I am trained in organizational sociology and my main areas of interest lie in macro-organizational theory and the dynamics of executive labor markets. To date, my research has focused on two themes. The first revolves around understanding the forces that govern the processes of chief executive officer (CEO) change in large, publicly-held corporations. I pursue research in this area primarily by combining the flexibility of network theory with a deep field-based understanding of the phenomenon. I consider myself part of a growing group of scholars who employ the network perspective and field-based knowledge to re-frame classical economic and sociological explanations of organizational decisions and market outcomes. This approach holds out the promise of a more empirically grounded model of organizational action and a conception that many organizational actions, usually thought to be primarily responsive to objective economic factors such as firm performance and incentives, are also responsive to a variety of social factors including position in a social structure. I view this approach to be a vital infusion of sociological imagination into theoretical territory and empirical settings that have suffered by its absence.
The research I have conducted on the CEO labor market has focused on four interrelated processes in this area: the factors that lead to vacancies in the CEO position; factors that affect the choice of successor; the role of market intermediaries such as executive search firms in CEO search; and the consequences of CEO succession and selection decisions for subsequent firm performance and strategic choices.
My current research plans grow out of the same interests in the social context of business leadership and the allocation of leadership positions that have motivated my research on the CEO labor market. My first set of projects focus on the 'managerial' implications of my research on the CEO labor market. Here, I am developing cases, articles, and essays about CEO succession and the problems of existence governance institutions that will be published in more managerially-oriented outlets.
The second major subject that I am now beginning to study is the evolution of management as a profession. My thoughts on this topic are rooted in the question of how certain occupations within business (not just executive management but also consulting, private equity, and investment banking) have come to require the MBA credential as a prerequisite for entry. The significance of this issue lies in its direct bearing on the question of how professional management has claimed and received legitimation for its role as the steward of a very substantial proportion of society’s material wealth and resources—a role that has itself been subject to changing interpretations over the decades since the phenomenon of professional management first appeared on the American scene.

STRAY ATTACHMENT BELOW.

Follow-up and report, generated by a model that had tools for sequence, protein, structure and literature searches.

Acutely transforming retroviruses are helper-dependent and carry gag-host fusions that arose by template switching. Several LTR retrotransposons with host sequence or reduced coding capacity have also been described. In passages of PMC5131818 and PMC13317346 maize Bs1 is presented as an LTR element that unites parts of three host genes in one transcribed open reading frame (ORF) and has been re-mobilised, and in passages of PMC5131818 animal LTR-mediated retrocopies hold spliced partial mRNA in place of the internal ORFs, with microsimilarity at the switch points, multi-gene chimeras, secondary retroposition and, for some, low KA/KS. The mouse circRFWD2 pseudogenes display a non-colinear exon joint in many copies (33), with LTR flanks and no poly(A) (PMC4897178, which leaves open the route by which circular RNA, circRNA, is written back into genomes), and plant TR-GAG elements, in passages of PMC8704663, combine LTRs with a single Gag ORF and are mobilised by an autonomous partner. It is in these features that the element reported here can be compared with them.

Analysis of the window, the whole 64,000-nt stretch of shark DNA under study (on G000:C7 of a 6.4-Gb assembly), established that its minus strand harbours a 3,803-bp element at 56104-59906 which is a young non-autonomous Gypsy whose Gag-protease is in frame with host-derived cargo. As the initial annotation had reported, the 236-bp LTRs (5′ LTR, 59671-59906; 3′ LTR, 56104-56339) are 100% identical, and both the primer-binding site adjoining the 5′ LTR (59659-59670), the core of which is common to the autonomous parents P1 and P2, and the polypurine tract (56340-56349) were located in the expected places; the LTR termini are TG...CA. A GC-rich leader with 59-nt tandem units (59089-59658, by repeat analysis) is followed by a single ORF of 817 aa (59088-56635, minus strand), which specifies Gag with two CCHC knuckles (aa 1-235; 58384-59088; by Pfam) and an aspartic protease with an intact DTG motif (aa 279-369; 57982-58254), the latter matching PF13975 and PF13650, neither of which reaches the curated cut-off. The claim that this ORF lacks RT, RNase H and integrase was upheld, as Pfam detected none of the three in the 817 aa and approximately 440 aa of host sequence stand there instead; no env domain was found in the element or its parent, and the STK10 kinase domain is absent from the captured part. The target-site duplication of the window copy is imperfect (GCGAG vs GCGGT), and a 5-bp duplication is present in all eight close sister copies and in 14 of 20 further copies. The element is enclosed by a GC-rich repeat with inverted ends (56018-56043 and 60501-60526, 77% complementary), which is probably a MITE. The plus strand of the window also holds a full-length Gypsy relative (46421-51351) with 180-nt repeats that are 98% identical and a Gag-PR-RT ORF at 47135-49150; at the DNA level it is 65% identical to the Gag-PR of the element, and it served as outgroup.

Although there is a rich sociological literature on professions, it is focused, for the most part, on licensed professions such as medicine and law. This literature argues that professions are occupational groups that claim jurisdiction over particular arenas of work. In order to claim jurisdiction, a profession must ask “society to recognize its cognitive structure through exclusive rights” (Abbott, 1988: 59). Scholars studying professions argue that societal recognition of such claims, which is what results in the granting of professional status and privileges, is usually achieved either through the legal system or in the realm of public opinion. Law and medicine are professions that rely on the legal system (i.e., state licensing boards). Journalism and social work are examples of professions that are more dependent on public opinion for their ability to monopolize particular types of work. In this context, professional management is unique in that it has relied on neither legal authority for, nor public endorsement of, its claims of jurisdiction over managerial tasks in large publicly held corporations, investment banks, and so forth. Instead—according to my working hypothesis—its jurisdictional authority has been achieved through an interdependent relationship between university-based business schools (which derive a certain measure of their own legitimacy from the university itself, an institution that other American professions have in effect licensed to provide training and credentialing for aspiring professionals) and the corporate workplace. I intend to test this hypothesis by exploring the history of professional business education and the development of particular business occupations that have arisen and evolved in tandem with the university-based business schools.
I expect the results of my research on professions to have implications for our understanding of how, exactly, professional managers do, can, or should “contribute to the well-being of society”. Relevant questions that I hope to answer include: Where did our current shareholder-centered, agency-based view of the role of professional management come from—particularly in light of the very different one that underlay the founding of the first professional business schools and the granting to them of a place within the university? How does our current view of the role of the professional manager compare with the way that professional responsibility has traditionally been conceived in the other professions? In view of the way that professional roles have recently been evolving in professions such as law or medicine, do market forces inevitably undermine professional autonomy and standards? What would be the potential benefits and drawbacks of management becoming more like the other professions in its structure and culture than it has been during its history to date?
Nitin Nohria and I have been writing about making management a profession. HBS students have taken the lead in this area. See the oath and its signatories here. Read about it in Wikipedia, too!